You are not permitted to download, save or email this image. Visit image gallery to purchase the image.
The company is based in Oamaru at present and its range of single-malt and blended whiskies is produced by a contract distiller in Christchurch.
Whisky Company chief executive Troy Trewin was in Dunedin yesterday, reiterating plans going back more than four years to build a distillery.
‘‘There’s about four to five years’ whisky left, which isn’t much. I’m confident we’ll be able to say whether or not we are building a facility after our February board meeting,’’ Mr Trewin said.
He said company founder Greg Ramsay, of Tasmania, now owned 100% of the company after buying out previous shareholders last July. The shareholders ‘‘didn’t share the vision’’ of funding a distillery start-up, he said.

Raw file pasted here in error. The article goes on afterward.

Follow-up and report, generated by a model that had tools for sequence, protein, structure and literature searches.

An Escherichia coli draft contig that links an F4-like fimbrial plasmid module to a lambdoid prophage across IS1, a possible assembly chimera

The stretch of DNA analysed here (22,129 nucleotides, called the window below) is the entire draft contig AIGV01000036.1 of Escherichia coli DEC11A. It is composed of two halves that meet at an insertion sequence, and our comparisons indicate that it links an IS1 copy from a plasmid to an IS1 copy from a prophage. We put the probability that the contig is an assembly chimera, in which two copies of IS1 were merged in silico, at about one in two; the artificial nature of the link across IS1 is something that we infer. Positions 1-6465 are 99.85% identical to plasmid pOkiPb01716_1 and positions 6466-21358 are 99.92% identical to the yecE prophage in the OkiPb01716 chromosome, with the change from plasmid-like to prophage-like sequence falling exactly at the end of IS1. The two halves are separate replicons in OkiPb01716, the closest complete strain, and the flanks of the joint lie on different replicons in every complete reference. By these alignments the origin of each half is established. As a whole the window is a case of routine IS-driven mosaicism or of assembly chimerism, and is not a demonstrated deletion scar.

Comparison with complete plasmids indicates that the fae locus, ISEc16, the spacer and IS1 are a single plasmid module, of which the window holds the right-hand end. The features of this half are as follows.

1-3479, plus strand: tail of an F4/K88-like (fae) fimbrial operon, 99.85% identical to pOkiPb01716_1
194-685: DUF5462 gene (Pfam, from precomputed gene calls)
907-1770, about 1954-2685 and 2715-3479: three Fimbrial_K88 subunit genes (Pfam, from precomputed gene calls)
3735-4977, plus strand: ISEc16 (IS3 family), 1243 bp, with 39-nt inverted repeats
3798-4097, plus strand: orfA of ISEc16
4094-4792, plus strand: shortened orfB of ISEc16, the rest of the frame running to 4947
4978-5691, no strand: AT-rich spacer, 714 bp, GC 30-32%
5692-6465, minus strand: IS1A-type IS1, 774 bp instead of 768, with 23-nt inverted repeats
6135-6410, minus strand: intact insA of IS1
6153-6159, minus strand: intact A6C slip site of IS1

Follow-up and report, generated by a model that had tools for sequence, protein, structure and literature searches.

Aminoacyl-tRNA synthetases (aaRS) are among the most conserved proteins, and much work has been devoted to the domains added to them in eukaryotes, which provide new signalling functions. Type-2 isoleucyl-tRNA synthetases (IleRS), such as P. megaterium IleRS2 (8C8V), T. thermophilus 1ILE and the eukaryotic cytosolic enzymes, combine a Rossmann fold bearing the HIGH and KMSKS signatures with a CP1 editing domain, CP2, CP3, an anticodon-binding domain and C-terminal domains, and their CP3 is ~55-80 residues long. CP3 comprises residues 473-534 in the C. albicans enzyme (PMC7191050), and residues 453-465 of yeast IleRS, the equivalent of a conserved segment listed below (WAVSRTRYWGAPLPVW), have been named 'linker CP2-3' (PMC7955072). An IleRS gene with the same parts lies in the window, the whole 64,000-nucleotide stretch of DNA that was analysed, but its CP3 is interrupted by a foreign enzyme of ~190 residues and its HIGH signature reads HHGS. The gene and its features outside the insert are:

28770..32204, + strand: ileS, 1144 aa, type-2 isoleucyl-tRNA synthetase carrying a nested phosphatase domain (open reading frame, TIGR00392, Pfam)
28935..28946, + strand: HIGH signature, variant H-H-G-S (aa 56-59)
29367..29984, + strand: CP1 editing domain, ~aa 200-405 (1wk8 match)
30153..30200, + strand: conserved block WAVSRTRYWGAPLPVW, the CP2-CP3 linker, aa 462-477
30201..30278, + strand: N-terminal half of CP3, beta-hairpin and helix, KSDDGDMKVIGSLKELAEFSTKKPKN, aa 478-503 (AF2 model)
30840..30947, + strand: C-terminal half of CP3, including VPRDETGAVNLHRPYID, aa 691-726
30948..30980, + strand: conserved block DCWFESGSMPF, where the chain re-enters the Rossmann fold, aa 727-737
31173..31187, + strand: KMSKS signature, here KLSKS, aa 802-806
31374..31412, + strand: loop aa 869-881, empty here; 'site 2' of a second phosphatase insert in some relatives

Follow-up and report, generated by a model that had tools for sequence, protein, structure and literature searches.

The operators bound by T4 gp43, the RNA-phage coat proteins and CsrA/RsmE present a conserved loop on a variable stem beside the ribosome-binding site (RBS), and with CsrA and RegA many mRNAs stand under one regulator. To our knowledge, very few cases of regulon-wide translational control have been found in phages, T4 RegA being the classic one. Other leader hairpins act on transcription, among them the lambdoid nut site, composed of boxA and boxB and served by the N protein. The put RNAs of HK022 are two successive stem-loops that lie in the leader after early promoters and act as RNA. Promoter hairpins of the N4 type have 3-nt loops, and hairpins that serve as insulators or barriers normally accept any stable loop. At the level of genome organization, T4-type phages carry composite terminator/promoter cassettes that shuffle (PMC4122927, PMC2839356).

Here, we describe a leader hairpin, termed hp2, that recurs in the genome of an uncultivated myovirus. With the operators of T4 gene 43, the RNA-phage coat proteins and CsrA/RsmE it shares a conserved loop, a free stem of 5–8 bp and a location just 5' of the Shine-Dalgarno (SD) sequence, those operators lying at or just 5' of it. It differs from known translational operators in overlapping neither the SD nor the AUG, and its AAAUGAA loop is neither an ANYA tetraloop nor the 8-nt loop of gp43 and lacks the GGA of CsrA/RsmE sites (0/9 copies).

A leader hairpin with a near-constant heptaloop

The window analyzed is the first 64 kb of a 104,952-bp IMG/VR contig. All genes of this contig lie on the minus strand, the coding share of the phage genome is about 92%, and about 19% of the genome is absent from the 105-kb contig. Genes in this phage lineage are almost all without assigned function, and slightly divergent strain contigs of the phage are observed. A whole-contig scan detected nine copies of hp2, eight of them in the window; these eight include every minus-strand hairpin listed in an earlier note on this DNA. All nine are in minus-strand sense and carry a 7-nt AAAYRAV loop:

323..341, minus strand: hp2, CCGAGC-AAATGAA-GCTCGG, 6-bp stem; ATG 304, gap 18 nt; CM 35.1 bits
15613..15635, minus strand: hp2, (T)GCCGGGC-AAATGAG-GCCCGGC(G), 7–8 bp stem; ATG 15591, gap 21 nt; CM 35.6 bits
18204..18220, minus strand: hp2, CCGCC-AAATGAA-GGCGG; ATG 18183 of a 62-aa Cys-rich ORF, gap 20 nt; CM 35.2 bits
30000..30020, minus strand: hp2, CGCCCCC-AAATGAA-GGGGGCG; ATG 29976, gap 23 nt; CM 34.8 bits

Mr Trewin said he and Mr Ramsay would ‘‘at some point’’ consider selling down an unspecified stake in the Whisky Company to raise capital.
Mr Trewin was asked why the pair did not undertake distilling in Tasmania, given its burgeoning whisky cottage industry and 25 distillers.
He said that with only three distillers in New Zealand there were more opportunities, there was a potential barley supplier, and the South Island’s climate was unique.
The minimum annual output being considered was 150,000 litres, using a 3600-litre wash still and 1800-litre spirit still, he said.
‘‘It’s not the capital expenditure which is the greatest cost but the operating expenses,’’ Mr Trewin said about the several years it takes to mature whisky to regulatory requirements.
The company uses US bourbon barrels and New Zealand red wine barrels for ageing, but they have to go to Tasmania for charring by coopers.
In January 2012, the company had about 360 barrels left and it is now down to about 180 of the 200-litre barrels.
●Professional Dunedin company director Stuart McLauchlan is now a director on the Whisky Company board, but not a shareholder.